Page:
It has been almost 10 years since Hong Kong reverted to Chinese Rule and the latest research from Fidelity indicates that this has had a negative impact on investment returns.
According to the research, if a British investor placed money in the Hong Kong stock market in 1997, then they would see returns of just 33%. The report draws attention to the fact that top paying UK cash accounts can achieve a much higher return over a similar period.
Despite the lacklustre performance of the Hong Kong stock exchange, the colony still compares favourably to mainland China which has seen a loss of around 25% since 1997, based on the MSCI China index.
China has experienced a boom over the past four years but when Hong Kong returned to Chinese control the region experienced a severe economic crisis. On 2nd July 1997 the Thai government devalued the Baht, a decision which resulted in financial shockwaves across the world and plummeting values for Hong Kong shares.
Of nine markets in the Asia Pacific which were analysed, Korea was the most successful market with a return of 235% during the ten year period. Only four other markets saw a positive return: Singapore came second with 85%, Hong Kong saw a 33% gain, Thailand rose by 12% and Malaysia 6%.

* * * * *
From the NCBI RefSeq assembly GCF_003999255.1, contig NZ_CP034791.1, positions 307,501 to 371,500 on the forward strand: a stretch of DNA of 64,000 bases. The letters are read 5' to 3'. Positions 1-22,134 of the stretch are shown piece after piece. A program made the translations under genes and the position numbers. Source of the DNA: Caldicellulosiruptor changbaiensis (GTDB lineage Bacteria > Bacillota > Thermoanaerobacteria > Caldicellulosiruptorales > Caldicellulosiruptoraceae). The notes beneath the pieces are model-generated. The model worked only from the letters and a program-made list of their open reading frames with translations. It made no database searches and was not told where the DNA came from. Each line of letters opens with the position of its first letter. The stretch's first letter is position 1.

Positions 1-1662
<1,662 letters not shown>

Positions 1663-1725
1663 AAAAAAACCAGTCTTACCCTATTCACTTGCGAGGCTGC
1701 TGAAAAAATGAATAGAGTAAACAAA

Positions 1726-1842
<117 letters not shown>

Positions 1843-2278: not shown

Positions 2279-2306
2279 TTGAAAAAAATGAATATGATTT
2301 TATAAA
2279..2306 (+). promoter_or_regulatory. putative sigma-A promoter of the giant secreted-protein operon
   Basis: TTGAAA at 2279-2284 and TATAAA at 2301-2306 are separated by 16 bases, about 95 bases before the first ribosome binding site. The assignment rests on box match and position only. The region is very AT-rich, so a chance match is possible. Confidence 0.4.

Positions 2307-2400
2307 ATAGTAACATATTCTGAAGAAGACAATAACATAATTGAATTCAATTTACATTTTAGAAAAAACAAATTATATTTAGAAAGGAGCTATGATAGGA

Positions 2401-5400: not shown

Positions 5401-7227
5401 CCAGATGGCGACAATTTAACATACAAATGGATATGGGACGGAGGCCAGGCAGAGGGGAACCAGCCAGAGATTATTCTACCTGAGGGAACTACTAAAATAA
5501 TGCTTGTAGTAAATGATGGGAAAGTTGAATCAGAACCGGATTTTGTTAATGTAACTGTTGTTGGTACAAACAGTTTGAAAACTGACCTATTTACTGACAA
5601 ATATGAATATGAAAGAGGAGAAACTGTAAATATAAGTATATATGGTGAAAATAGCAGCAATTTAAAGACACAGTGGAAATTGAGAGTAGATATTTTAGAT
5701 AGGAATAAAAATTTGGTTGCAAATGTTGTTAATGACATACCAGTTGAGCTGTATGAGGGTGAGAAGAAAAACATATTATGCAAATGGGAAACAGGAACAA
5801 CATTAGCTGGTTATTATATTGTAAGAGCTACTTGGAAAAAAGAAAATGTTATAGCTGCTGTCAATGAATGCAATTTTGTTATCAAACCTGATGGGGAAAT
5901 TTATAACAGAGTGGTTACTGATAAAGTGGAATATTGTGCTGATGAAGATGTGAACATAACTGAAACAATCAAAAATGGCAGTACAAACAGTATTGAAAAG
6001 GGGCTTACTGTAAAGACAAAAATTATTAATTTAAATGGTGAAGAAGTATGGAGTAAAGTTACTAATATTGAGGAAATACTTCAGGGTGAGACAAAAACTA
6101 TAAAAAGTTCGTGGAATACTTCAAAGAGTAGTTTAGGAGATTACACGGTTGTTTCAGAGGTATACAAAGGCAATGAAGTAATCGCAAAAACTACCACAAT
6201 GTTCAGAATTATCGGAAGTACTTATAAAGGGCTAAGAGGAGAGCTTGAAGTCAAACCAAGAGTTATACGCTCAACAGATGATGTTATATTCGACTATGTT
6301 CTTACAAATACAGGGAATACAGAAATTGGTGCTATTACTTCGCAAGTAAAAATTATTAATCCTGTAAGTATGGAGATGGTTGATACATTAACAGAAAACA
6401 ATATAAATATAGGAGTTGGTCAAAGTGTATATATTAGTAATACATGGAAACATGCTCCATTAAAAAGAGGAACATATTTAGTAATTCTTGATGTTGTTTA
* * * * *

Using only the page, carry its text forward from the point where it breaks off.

However, the report also emphasises that the economies of the region are changing as domestic consumption increases and GDP growth rates are high at 9.4%.
Allan Liu, manager of Fidelity South East Asia Fund, thinks the Asian region is growing fast and will be more stable in future, saying “most countries have enormous amounts of foreign exchange reserves which would protect the value of their currencies should they be faced with sudden capital outflows or other crisis in the future.”
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